Although the practice of rock climbing was an important component of Victorian mountaineering in the Alps, it is generally thought that the sport of rock climbing began in the last quarter of the 19th century .Rock climbing evolved gradually from an alpine necessity to an athletic sport in its own right, making it imprudent to cite a primogenitor of the latter in each of these three locales.
Nevertheless, there is some general agreement on the following:
- Heralded as a sport in England in the late 1880s after the (well publicised) solo first ascent of the Napes Needle by Walter Parry Haskett Smith, rock climbing attracted increasing numbers of participants. An early benchmark approaching modern levels of difficulty was the ascent, by O. G. Jones, of Kern Knotts Crack (VS) in 1897. Jones was attracted to the new sport by a photo of the Needle in a shop window in the early 1890s. By the end of the Victorian era as many as 60 enthusiasts at a time would gather at the Wastwater Hotel in the Lake District during vacation periods.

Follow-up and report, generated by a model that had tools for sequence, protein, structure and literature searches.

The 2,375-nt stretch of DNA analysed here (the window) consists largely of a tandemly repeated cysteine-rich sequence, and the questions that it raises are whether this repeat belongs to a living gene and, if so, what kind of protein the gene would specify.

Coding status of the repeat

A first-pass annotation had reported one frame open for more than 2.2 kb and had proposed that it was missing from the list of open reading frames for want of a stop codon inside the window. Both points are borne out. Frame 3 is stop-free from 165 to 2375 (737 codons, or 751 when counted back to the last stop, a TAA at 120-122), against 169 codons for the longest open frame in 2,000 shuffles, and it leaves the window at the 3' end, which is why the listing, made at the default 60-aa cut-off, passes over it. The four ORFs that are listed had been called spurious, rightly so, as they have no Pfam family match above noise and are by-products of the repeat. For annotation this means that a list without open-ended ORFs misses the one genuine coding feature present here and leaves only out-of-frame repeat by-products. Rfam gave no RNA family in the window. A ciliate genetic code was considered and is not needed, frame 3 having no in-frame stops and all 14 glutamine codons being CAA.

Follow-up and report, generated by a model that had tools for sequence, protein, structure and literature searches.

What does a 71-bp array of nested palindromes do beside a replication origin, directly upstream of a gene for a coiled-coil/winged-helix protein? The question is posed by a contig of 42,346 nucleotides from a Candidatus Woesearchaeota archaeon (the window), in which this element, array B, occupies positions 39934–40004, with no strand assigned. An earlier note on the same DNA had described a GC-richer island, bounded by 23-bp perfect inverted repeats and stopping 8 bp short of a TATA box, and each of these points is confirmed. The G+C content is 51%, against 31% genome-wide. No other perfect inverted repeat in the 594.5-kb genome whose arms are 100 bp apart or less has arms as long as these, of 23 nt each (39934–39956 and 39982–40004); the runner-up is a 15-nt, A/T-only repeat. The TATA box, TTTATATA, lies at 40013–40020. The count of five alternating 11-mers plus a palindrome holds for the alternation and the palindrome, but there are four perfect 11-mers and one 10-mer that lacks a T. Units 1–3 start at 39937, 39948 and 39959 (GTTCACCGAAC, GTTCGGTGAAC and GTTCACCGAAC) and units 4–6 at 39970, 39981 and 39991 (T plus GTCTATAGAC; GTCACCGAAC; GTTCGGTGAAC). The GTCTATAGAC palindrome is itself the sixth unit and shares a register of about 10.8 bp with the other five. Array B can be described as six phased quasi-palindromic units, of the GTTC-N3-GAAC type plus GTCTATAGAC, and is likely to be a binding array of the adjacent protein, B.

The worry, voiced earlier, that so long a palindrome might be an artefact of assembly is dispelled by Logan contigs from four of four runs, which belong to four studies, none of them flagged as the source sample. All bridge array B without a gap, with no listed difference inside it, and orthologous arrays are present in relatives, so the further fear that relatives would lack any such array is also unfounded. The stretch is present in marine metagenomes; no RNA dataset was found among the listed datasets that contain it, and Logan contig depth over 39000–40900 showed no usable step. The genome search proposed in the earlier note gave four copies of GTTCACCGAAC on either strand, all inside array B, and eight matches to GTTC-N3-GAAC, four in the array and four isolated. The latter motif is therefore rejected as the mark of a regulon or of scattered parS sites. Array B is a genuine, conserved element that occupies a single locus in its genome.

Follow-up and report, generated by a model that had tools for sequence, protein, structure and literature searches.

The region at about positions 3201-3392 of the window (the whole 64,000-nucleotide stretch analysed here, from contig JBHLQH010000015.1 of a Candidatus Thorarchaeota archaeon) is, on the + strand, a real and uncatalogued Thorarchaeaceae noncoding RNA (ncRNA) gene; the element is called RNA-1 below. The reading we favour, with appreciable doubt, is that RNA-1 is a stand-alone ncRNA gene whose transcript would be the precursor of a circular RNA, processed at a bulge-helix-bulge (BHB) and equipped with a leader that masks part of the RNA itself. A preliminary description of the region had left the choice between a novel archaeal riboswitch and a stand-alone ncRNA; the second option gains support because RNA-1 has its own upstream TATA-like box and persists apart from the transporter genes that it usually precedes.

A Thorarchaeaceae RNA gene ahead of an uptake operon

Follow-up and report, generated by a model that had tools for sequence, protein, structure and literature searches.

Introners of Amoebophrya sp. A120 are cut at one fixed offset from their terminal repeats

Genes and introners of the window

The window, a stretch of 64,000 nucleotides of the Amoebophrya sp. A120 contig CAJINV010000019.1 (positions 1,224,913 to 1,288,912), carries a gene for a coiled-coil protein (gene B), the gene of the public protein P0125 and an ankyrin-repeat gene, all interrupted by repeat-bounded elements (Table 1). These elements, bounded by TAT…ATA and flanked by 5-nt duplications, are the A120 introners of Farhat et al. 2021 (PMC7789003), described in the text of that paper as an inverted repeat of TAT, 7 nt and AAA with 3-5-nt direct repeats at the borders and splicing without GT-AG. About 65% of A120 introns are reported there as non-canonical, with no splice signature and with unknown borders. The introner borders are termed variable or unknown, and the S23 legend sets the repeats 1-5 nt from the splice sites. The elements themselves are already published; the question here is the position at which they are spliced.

- Inspired by the efforts of late 19th century pioneers such as Oskar Schuster (Falkenstein, Schusterweg 1892), by 1903 there were approximately 500 climbers active in the Elbe Sandstone region, including the well-known team of Rudolf Fehrmann and the American, Oliver Perry-Smith; their 1906 ascent of Teufelsturm (at VIIb) set new standards of difficulty. By the 1930s there were over 200 small climbing clubs represented in the area.
- The solo first ascent of Die Vajolettürme in 1887 by the 17-year-old Munich high school student, Georg Winkler, encouraged the acceptance and development of the sport in the Dolomites.
As rock climbing matured, a variety of grading systems were created in order to more accurately compare relative difficulties of climbs. Over the years both climbing techniques and the equipment climbers use to advance the sport have evolved in a steady fashion.